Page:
Is it Forgetfulness or Dementia?

Your mom routinely misplaces her glasses and sometimes forgets to pay a bill.

Your dad has trouble remembering the names of his grandchildren and often snaps at them, which is out of character.

Are they experiencing the normal forgetfulness that comes with aging or is it something more serious, like Alzheimer’s or another dementia?

“It’s not unusual for seniors to forget things occasionally. They may also notice that it takes longer to learn new things or they don’t remember information as well as they used to – all typically a normal part of aging,” said Linda Lundeen, care advocate success trainer at the HomeCare Advocacy Network (HCAN). “With more serious memory problems, they generally have trouble doing everyday things like driving, using the phone or remembering the way home from church.”

Lundeen added that understanding the early warning signs of dementia, will make it possible to get early treatment and therapy that could slow down the rate of mental decline. Red flags to look for include:

Memory Loss. It’s normal to occasionally forget someone’s name or the name of an everyday object, but someone with dementia has memory loss that disrupts their daily life more than normal forgetfulness.

Communication problems. Struggling to follow simple conversations or contribute to them, maybe an early sign of dementia. If you notice that your loved one suddenly stops in the middle of a thought and can’t pick the conversation back up again, that could be another early indicator.

Changes in personality. One of the most common signs of dementia is a noticeable personality shift. You may notice rapid mood swings that make them appear suspicious, withdrawn, irritable, or anxious.

Confusion. People with dementia often become easily confused, especially with dates times of day, and locations.

Trouble performing everyday tasks. Another common sign is difficulty completing familiar tasks. For example, a person with dementia might not be able to follow a favorite recipe while cooking or do other tasks that require concentration that normal forgetfulness would not cause.

Language problems. People with dementia may put together sentences that don’t make sense, often referred to as a “word salad”. They may also have difficulty understanding others.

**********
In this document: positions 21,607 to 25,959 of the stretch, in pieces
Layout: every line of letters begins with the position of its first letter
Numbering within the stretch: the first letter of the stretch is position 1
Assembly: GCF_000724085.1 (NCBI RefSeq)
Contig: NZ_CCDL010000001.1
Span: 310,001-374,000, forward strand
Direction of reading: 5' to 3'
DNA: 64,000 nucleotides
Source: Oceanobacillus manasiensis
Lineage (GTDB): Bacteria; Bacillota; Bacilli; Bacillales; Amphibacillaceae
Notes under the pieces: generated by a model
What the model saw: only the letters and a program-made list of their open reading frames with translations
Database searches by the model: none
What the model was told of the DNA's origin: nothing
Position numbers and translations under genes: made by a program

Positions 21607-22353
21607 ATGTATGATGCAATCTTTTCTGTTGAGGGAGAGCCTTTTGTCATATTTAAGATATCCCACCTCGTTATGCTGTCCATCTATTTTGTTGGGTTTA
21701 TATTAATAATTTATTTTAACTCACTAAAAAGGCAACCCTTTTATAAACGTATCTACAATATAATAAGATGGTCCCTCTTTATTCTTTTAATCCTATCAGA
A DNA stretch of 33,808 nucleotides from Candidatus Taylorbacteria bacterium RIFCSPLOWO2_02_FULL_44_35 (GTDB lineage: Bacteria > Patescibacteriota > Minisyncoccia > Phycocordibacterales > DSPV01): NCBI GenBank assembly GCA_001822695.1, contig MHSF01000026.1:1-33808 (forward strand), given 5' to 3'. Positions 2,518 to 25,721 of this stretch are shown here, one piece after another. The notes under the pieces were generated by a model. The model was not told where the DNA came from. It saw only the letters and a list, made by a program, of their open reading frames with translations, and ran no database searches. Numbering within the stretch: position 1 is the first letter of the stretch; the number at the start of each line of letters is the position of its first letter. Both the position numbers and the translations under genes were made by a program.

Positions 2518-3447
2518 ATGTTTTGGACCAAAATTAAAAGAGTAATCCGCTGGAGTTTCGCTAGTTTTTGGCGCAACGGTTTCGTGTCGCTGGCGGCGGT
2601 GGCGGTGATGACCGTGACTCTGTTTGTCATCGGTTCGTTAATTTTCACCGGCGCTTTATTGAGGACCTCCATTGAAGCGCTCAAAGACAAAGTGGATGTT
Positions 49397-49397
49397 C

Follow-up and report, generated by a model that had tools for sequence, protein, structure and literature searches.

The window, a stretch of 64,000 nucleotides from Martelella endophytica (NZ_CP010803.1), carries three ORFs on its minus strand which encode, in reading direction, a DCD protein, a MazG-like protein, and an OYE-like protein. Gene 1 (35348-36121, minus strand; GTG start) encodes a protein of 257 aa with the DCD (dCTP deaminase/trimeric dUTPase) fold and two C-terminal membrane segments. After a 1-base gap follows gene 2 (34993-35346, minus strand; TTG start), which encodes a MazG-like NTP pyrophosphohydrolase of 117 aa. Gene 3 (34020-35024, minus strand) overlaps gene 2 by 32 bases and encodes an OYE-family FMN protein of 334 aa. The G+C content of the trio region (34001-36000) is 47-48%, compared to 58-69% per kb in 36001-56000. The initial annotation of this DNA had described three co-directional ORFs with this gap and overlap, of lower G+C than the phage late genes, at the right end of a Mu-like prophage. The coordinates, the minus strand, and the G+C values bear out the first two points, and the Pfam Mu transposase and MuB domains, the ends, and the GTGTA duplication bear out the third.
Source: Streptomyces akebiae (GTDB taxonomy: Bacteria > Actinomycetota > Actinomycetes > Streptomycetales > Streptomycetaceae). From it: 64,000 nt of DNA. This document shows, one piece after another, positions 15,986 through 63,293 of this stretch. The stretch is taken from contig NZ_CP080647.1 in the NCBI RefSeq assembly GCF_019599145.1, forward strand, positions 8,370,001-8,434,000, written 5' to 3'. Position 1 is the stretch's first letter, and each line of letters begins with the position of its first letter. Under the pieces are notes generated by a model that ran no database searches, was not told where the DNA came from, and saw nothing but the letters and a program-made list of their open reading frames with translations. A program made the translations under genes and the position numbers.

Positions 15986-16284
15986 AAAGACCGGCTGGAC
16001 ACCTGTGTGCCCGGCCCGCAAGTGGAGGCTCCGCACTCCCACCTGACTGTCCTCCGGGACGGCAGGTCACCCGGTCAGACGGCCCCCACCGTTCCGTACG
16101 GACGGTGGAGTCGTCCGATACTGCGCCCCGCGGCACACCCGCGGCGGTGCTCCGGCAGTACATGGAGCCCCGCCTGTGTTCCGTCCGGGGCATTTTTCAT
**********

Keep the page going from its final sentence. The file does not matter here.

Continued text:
Gets lost easily. Frequently getting lost walking or driving is a common indicator of dementia.

Poor judgment. Poor judgment and reasoning a signs that a person may have dementia. Someone with dementia may forget to put on a jacket when they go out into the snow or bundle up in a heavy coat when it’s very hot.

Misplacing items. Someone with dementia will misplace items more often than others or even forget what the item is for.

Unusual behavior. Sometimes people with dementia will make unusual or bad decisions, such as failing to bathe or shower for weeks or making unwise monetary decisions.

Loss of joy in previously enjoyed activities. Someone with dementia will begin to withdraw from social or previously enjoyed activities.

“Realizing that your loved one may have dementia is scary. You may not know where to turn, but help is available,” Lundeen said. “Consulting your primary care physician is a good place to start. Your loved one may then be referred to a neurologist, geriatric psychiatrist or a geriatrician for a complete evaluation. There’s also support for family members. Our caregivers provide consistent, compassionate care for our clients with Alzheimer’s or other dementia – giving families much-needed respite and peace of mind. We also offer a Family and Friends Dementia Education Class – a high-touch approach designed to help family members and friends understand what to expect with dementia and how they can care for their loved ones and themselves.”

The two-hour Family and Friends Dementia Education Class is free and open to everyone. To learn more or to register for an upcoming class, call the HCAN corporate office, 402-965-0737.